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Set Notation

In mathematics, a set is a collection of distinct elements. Note that a set can be considered an element in its own right. The elements in a set may be anything: numbers, people, letters of the alphabet, other sets, and so on. Conventionally, sets are symbolized by capital letters.

In order for us to attain a clearer understanding of sets, we may look at some basic examples:

Suppose A is the set of the first four positive even integers.

Suppose B is the set of colors of the American flag.

Hence, A={2,4,6,8}

B={red, white, blue}

Note that these sets are finite.

The key relation between sets is membership. It is possible to have one set be an element of another. We may look at a simple example. Suppose C is the infinite set of all non-negative integers. We denote this as C={0,1,2,3,4,5,……}. Moreover, let D be the set of positive integers that are strictly less than 5. We denote this as D={1,2,3,4}.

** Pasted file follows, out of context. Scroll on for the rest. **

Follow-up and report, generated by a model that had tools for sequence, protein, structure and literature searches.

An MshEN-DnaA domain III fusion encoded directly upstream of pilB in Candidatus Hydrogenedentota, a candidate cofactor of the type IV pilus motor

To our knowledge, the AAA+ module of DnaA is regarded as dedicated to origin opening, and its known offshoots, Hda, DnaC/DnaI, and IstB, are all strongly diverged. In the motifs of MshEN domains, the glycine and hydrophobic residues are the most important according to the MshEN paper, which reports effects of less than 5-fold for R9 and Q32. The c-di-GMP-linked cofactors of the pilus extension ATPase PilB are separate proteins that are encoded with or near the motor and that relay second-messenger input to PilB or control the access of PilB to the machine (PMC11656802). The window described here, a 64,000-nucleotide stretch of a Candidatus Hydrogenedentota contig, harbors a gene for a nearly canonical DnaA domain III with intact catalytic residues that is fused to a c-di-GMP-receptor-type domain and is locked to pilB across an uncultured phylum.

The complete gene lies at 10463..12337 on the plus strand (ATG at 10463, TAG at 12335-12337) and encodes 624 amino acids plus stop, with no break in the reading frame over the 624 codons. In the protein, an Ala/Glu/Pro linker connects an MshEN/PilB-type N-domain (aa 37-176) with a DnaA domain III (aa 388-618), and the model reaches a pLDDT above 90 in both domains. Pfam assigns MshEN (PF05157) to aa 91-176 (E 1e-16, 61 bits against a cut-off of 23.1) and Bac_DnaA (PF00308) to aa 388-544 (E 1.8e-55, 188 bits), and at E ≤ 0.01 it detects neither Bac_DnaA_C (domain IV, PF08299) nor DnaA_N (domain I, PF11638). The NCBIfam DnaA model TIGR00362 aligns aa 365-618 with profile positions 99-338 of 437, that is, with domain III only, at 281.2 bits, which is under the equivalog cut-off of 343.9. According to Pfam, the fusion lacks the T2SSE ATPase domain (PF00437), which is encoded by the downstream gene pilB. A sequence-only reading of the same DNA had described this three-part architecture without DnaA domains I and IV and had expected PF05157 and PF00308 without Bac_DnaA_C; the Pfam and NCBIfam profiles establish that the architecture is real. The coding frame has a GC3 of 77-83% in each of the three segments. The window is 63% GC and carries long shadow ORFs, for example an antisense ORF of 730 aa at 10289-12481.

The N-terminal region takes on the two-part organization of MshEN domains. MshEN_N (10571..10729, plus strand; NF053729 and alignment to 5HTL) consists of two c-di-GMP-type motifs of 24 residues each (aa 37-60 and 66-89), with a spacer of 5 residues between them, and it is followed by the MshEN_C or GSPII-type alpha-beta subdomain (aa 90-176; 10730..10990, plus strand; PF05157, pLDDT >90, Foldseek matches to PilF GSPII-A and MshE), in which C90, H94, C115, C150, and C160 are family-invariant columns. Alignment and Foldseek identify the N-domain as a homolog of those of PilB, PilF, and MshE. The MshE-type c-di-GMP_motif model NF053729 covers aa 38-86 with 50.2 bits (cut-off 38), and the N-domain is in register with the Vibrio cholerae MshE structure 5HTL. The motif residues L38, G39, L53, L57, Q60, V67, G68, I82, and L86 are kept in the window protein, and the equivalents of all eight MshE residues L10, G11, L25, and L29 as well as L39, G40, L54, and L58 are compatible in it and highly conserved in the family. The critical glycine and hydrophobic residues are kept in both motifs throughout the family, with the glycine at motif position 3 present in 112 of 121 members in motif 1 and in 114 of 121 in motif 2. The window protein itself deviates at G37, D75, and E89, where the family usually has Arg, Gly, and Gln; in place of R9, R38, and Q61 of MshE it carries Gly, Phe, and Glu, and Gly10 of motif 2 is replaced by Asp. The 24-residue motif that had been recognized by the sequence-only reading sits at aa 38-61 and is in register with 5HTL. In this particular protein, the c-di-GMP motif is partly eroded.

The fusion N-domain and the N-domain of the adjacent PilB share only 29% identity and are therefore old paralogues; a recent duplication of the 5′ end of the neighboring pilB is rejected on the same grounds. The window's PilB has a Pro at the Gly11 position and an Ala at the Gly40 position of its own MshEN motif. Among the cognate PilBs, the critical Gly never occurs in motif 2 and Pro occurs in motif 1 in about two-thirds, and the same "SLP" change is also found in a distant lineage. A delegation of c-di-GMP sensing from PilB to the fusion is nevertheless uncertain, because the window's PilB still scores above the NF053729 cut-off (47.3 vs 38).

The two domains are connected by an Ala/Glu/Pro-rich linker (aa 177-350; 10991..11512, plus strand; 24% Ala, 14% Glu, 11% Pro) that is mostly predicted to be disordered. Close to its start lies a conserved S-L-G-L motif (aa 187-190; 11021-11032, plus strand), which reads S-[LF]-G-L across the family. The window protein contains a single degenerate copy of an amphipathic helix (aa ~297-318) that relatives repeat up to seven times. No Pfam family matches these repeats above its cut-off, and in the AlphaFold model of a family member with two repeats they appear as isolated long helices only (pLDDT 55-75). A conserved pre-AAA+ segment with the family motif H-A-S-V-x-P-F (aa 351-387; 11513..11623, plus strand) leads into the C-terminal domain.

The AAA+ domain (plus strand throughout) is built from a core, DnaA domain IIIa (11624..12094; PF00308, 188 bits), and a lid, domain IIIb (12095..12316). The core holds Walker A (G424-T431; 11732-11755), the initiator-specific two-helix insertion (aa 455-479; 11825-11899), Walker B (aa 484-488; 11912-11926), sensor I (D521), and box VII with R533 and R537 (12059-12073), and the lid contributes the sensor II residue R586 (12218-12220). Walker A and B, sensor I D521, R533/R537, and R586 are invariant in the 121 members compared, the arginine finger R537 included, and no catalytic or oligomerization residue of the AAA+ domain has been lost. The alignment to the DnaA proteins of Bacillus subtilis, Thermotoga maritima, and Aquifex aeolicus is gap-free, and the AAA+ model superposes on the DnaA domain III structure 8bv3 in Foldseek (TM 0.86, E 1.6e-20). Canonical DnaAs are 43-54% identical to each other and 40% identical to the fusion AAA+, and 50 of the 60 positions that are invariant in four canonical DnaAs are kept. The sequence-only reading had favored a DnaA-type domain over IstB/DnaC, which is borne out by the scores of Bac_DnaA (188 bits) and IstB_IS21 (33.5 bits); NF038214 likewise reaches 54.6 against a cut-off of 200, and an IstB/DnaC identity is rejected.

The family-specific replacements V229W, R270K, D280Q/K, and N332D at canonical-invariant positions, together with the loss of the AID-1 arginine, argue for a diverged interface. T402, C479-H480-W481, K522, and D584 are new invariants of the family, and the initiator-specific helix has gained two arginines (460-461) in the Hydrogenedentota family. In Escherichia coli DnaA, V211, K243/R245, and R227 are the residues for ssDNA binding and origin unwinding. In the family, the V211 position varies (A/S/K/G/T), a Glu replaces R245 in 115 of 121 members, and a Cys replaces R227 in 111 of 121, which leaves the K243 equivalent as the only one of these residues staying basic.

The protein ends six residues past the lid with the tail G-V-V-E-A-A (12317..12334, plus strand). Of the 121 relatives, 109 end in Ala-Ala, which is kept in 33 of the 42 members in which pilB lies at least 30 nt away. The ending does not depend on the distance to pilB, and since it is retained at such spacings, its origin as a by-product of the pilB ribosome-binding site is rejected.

Here is some analysis about these two sets:

0 is an element of C but it is not an element of D.

1 is an element of C and 1 is an element of D.

Here are some questions:

1)What is another element of C that is not a member of D?

2) What is an element that is contained in both C and D?

Answers:

1) Any integer greater than or equal to 5 and 0.

2) 2, 3, or 4.